Laws 1893, c. 4185, § 1; Gen.St.1906, § 3143; Rev.Gen.St.1920, § 4958; Comp.Gen.Laws 1927, § 7045.

 

767.03. Good defense for killing dog

In any action for damages or of a criminal prosecution against any person for killing or injuring a dog, satisfactory proof that said dog had been or was killing any animal included in the definitions of "domestic animal" and "livestock" as provided by s. 585.01 shall constitute a good defense to either of such actions.

CREDIT(S)

Laws 1901, c. 4978, § 1; Gen.St.1906, § 3144; Rev.Gen.St.1920, § 4959; Comp.Gen.Laws 1927, § 7046; Laws 1979, c. 79-315, § 1; Laws 1994, c. 94- 339, § 2.

 

767.04. Dog owner's liability for damages to persons bitten

The owner of any dog that bites any person while such person is on or in a public place, or lawfully on or in a private place, including the property of the owner of the dog, is liable for damages suffered by persons bitten, regardless of the former viciousness of the dog or the owners' knowledge of such viciousness. However, any negligence on the part of the person bitten that is a proximate cause of the biting incident reduces the liability of the owner of the dog by the percentage that the bitten person's negligence contributed to the biting incident. A person is lawfully upon private property of such owner within the meaning of this act when the person is on such property in the performance of any duty imposed upon him or her by the laws of this state or by the laws or postal regulations of the United States, or when the person is on such property upon invitation, expressed or implied, of the owner. However, the owner is not liable, except as to a person under the age of 6, or unless the damages are proximately caused by a negligent act or omission of the owner, if at the time of any such injury the owner had displayed in a prominent place on his or her premises a sign easily readable including the words "Bad Dog." The remedy provided by this section is in addition to and cumulative with any other remedy provided by statute or common law.

CREDIT(S)

Laws 1949, c. 25109, § 1; Laws 1993, c. 93-13, § 1. Amended by Laws 1997, c. 97-102, § 1155, eff. July 1, 1997.

 

767.05. Owner's liability for damages by dog to dairy cattle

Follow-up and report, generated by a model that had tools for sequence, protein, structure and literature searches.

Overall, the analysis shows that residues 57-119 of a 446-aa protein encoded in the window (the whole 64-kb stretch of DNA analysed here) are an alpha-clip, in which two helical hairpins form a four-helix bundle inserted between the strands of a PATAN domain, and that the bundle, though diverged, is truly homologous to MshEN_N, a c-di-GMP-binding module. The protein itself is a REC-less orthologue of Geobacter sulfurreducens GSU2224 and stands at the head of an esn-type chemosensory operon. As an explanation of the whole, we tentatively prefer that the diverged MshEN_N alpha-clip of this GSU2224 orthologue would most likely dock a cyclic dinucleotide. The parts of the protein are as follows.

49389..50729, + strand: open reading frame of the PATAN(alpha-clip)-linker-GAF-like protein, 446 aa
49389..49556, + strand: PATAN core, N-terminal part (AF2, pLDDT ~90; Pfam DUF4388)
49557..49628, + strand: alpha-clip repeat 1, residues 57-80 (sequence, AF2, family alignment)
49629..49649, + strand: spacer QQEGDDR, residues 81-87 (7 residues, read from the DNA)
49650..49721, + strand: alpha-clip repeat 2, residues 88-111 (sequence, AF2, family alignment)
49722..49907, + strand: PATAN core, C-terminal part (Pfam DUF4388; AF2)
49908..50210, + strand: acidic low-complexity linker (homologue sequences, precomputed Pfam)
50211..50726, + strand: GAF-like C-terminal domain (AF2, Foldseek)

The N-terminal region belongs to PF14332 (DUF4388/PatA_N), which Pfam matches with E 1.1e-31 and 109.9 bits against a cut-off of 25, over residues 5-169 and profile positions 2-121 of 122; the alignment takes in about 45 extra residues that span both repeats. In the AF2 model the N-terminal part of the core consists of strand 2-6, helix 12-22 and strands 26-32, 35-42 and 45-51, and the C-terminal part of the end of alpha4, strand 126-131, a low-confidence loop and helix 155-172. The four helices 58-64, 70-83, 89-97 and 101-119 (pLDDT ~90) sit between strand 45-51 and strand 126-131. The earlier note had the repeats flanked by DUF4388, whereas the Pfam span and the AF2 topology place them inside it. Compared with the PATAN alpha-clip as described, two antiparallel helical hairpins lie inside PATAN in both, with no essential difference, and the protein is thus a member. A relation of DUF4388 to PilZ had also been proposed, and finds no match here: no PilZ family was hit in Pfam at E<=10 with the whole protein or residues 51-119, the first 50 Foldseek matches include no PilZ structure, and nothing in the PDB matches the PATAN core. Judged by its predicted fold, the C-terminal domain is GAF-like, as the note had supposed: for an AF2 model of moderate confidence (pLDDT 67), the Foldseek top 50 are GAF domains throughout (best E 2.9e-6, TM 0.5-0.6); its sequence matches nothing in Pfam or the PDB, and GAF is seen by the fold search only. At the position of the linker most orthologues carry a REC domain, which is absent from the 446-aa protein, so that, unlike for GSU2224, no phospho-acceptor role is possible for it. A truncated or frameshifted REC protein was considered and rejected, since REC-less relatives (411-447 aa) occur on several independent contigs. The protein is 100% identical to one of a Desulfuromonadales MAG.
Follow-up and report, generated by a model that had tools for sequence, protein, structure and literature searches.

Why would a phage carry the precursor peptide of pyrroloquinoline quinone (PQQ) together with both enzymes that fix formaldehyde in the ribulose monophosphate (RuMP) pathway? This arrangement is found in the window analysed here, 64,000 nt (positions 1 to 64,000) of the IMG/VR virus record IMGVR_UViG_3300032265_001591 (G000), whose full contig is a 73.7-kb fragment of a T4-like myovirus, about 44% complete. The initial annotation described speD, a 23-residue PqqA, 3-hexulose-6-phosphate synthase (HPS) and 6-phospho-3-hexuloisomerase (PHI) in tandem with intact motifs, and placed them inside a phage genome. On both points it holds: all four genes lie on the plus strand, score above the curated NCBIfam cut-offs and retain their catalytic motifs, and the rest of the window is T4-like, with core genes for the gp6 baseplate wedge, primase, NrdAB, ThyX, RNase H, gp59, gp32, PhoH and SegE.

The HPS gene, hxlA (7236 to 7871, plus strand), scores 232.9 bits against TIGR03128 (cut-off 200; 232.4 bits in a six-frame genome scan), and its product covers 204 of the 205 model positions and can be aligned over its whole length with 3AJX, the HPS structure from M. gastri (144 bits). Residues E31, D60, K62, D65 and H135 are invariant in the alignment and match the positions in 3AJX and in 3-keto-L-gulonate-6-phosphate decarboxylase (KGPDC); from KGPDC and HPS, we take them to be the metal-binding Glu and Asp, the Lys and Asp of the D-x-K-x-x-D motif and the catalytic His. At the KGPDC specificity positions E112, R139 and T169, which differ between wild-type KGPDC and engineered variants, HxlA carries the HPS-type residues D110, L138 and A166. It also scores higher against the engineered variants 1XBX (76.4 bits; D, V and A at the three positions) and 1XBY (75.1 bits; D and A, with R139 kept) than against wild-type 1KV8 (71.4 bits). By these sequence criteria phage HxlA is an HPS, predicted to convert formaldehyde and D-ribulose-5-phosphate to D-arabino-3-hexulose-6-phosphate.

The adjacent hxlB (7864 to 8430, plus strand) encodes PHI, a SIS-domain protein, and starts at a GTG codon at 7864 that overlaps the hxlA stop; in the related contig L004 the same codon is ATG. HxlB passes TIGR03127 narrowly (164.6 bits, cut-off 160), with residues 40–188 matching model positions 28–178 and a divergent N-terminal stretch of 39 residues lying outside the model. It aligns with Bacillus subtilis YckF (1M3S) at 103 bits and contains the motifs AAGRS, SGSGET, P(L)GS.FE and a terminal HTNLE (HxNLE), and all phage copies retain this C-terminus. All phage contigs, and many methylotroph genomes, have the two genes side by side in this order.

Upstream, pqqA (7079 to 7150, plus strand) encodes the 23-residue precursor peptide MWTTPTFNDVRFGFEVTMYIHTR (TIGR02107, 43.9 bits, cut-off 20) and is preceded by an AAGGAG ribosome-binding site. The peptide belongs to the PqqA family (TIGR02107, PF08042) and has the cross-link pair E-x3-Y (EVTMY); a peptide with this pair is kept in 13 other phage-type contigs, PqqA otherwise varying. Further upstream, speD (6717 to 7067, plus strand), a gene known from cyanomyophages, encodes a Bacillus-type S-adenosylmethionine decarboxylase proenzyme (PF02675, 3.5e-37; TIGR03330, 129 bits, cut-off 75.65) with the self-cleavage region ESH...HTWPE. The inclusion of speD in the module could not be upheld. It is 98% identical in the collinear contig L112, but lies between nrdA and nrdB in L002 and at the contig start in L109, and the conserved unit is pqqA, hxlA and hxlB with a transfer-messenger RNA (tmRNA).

An owner or keeper of any dog that kills, wounds, or harasses any dairy cattle shall be jointly and severally liable to the owner of such dairy cattle for all damages done by such dog; and it is not necessary to prove notice to or knowledge by any such owner or keeper of such dog that the dog was mischievous or disposed to kill or worry any dairy cattle.

CREDIT(S)

Laws 1979, c. 79-315, § 2; Laws 1981, c. 81-259, § 482.

 

767.07. Interpretation

Section 767.05 is supplemental to all other laws relating to dogs not expressly referred to therein and shall not be construed to modify, repeal, or in any way affect any part or provision of any such laws not expressly repealed therein or to prevent municipalities from prohibiting, licensing, or regulating the running at large of dogs within their respective limits by law or ordinance now or hereafter provided.

CREDIT(S)

Laws 1979, c. 79-315, § 2.

 

767.10. Legislative findings

The Legislature finds that dangerous dogs are an increasingly serious and widespread threat to the safety and welfare of the people of this state because of unprovoked attacks which cause injury to persons and domestic animals; that such attacks are in part attributable to the failure of owners to confine and properly train and control their dogs; that existing laws inadequately address this growing problem; and that it is appropriate and necessary to impose uniform requirements for the owners of dangerous dogs.